6 Ways to Create a Great First Impression on Zoom, Teams or any Virtual Platform
In a virtual meeting we are more likely to clue into what we “see” before what we “hear”.
And it takes very little time for people to form their first impressions.
It can take as little as one tenth of a second according to research by Alexander Todorov of Princeton, to form an impression of a face you have never seen before. He says:
“We decide very quickly whether a person possesses many of the traits we feel are important, such as likeability and competence, even though we have not exchanged a single word with them. It appears that we are hard-wired to draw these inferences in a fast, unreflective way.”
While his research was conducted in the world of face-to-face communication, you would have to wonder if the same is true in the virtual world.
Personally, I believe it is.
In the virtual world, where creating a connection can be so much more challenging, it is super important that we create the right first impression.
Unfortunately, we do not always create the best first impression. This can put us on the back foot. Make us a little uncomfortable, or even nervous. Overall, making us have to work really hard to ensure that our message gets heard and action gets taken.
I had an experience of creating a rather poor first impression myself, in a Zoom meeting. I had been playing around with the filters when they came out. For a bit of fun, I decided to make a little video for my family, while sporting a halo and a moustache filter. Later that day I went into a Zoom business meeting, where to my horror, the moustache and halo were still there! It took me a couple of minutes to figure out how to turn it off.
You too have probably seen people making a poor first impression. Possibly one of the worst I saw was a lady picking her nose. Yes! A lady … I know some of you will be shocked to hear that ladies pick their noses, although “real” ladies probably do not!
In any event, making a first impression in a virtual world is every bit as important (and possibly more important) than in the real world.
So, without breaking the bank, let’s look at what you can do to get your meetings started on the right foot.
How to create a great first impression on Zoom, Teams or any platform:
- Pay attention to your “default face”
- Ensure your lighting sets you up for success
- Frame yourself correctly
- Sit up tall
- Beware of the background
- Don’t look down!
Let’s look at each of these in detail.
1. Pay attention to your default face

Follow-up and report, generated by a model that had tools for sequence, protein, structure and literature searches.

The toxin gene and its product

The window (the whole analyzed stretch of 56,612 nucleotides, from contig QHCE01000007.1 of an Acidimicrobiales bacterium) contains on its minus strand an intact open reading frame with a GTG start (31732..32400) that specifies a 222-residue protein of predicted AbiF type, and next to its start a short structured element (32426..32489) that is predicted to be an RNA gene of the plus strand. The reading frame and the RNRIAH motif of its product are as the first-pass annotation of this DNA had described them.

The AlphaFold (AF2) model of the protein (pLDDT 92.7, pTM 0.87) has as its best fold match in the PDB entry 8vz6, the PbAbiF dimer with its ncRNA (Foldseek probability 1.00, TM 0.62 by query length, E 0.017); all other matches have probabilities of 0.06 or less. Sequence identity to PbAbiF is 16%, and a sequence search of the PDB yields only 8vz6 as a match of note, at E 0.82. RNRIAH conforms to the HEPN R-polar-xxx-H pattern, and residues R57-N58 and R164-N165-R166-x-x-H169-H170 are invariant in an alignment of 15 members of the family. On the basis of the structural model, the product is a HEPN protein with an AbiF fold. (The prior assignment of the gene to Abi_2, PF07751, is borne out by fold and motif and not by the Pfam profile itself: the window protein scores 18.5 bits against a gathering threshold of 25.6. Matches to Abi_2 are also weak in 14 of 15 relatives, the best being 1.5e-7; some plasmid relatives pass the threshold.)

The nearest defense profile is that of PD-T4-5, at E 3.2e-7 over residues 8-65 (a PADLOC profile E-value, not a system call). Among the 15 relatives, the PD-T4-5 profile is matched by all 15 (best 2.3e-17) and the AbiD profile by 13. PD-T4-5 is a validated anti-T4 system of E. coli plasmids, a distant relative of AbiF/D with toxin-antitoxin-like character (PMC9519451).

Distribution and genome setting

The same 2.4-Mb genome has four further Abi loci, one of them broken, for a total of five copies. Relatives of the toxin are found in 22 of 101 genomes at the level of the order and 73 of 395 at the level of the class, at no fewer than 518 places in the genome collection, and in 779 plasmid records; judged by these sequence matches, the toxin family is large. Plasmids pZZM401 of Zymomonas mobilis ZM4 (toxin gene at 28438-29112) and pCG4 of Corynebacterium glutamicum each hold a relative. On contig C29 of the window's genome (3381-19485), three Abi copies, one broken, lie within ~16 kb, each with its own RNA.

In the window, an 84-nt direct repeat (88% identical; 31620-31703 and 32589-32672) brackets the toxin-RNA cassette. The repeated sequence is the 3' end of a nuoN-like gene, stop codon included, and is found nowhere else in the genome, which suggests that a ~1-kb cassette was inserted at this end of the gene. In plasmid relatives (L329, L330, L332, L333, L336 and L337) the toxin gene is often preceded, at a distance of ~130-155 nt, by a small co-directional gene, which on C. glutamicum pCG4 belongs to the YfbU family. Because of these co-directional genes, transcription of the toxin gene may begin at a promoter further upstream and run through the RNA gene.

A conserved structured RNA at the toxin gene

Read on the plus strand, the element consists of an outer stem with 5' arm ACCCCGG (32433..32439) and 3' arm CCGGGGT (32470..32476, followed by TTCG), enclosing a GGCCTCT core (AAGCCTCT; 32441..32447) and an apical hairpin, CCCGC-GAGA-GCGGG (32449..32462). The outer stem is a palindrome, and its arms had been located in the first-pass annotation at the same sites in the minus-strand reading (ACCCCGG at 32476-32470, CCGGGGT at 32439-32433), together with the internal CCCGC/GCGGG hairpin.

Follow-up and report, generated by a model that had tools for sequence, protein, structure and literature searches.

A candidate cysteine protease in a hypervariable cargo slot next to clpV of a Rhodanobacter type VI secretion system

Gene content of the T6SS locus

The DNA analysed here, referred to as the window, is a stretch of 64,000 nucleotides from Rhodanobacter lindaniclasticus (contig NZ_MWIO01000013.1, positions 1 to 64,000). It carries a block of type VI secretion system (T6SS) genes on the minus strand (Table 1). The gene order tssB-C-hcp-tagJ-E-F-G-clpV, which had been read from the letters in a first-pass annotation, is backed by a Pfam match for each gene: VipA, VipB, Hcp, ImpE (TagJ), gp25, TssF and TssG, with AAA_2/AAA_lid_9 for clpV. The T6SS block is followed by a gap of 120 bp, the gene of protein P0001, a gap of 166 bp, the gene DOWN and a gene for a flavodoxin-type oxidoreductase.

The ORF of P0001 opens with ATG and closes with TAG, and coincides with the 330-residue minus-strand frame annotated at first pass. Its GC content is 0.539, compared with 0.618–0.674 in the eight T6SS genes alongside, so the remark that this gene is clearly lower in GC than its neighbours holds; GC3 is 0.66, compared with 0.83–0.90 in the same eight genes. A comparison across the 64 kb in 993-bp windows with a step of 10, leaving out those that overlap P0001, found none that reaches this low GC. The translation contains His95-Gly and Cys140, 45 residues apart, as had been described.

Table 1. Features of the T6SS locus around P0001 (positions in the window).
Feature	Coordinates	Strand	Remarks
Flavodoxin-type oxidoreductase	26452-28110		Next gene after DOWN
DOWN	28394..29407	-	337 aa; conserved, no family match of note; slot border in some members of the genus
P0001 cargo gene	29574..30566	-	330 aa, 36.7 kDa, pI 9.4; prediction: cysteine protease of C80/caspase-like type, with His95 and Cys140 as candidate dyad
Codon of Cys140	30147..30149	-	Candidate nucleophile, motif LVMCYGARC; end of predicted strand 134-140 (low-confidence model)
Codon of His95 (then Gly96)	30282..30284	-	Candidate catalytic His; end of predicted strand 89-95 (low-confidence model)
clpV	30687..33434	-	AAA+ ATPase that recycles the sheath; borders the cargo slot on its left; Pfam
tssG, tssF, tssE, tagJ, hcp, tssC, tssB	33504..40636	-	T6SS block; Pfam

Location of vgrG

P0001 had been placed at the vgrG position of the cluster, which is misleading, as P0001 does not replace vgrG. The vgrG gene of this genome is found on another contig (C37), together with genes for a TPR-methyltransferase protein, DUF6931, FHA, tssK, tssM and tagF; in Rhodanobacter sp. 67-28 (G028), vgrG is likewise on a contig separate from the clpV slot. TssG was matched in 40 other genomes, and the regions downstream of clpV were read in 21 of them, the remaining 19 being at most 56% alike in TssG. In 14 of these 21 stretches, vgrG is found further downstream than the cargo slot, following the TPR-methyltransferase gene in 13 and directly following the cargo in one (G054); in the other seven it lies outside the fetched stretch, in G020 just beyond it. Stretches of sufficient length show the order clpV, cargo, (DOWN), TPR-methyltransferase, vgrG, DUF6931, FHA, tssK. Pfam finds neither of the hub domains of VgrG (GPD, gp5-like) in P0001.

What is your default face?
My definition is: “your default face is that face that you have without thinking about it, which often times might be a little bit serious, sullen or slightly fed up!”
The moment you turn on your camera, it is going to be the first thing that people notice about you and from the research, we know that it will be less than 1/10th of a second.
As a minimum, make sure that you look pleasant. If people are going to be listening to you speaking, you can bet your bottom dollar that they would rather listen to someone who looks like they want to be talking to you, rather than having to speak to you. Your pleasant default face can send a positive message but equally if you look sour, it can send out a signal that says “I do not want to be here”.
Now, I am not suggesting that you grin like a cheshire cat, but a light smile or even the corners of your mouth turned up will send out a positive signal about you to your audience.
There is an added bonus, according to a study by Tara Kraft and Sarah Pressman at the University of Kansas. They found that when people smiled it reduced heart rates during stress recovery. So, if you find presenting stressful, just pop on a little smile and it can help you get off to a great start!
2. Ensure your lighting sets you up for success
You’ve seen it, I’ve seen it – we have all seen it! The person who comes onto our screen in a virtual setting and all we can see is a black shadow!
You probably know by now, that you are much better to face a window than have it behind you.
However, your room might not allow this. So, if you do have to have a window behind you, close the curtain and look at getting some light on your face.
Avoid turning on overhead lights. They tend to cast shadows, also your camera can end up focussing on the light – making it appear even brighter and taking the focus away from you.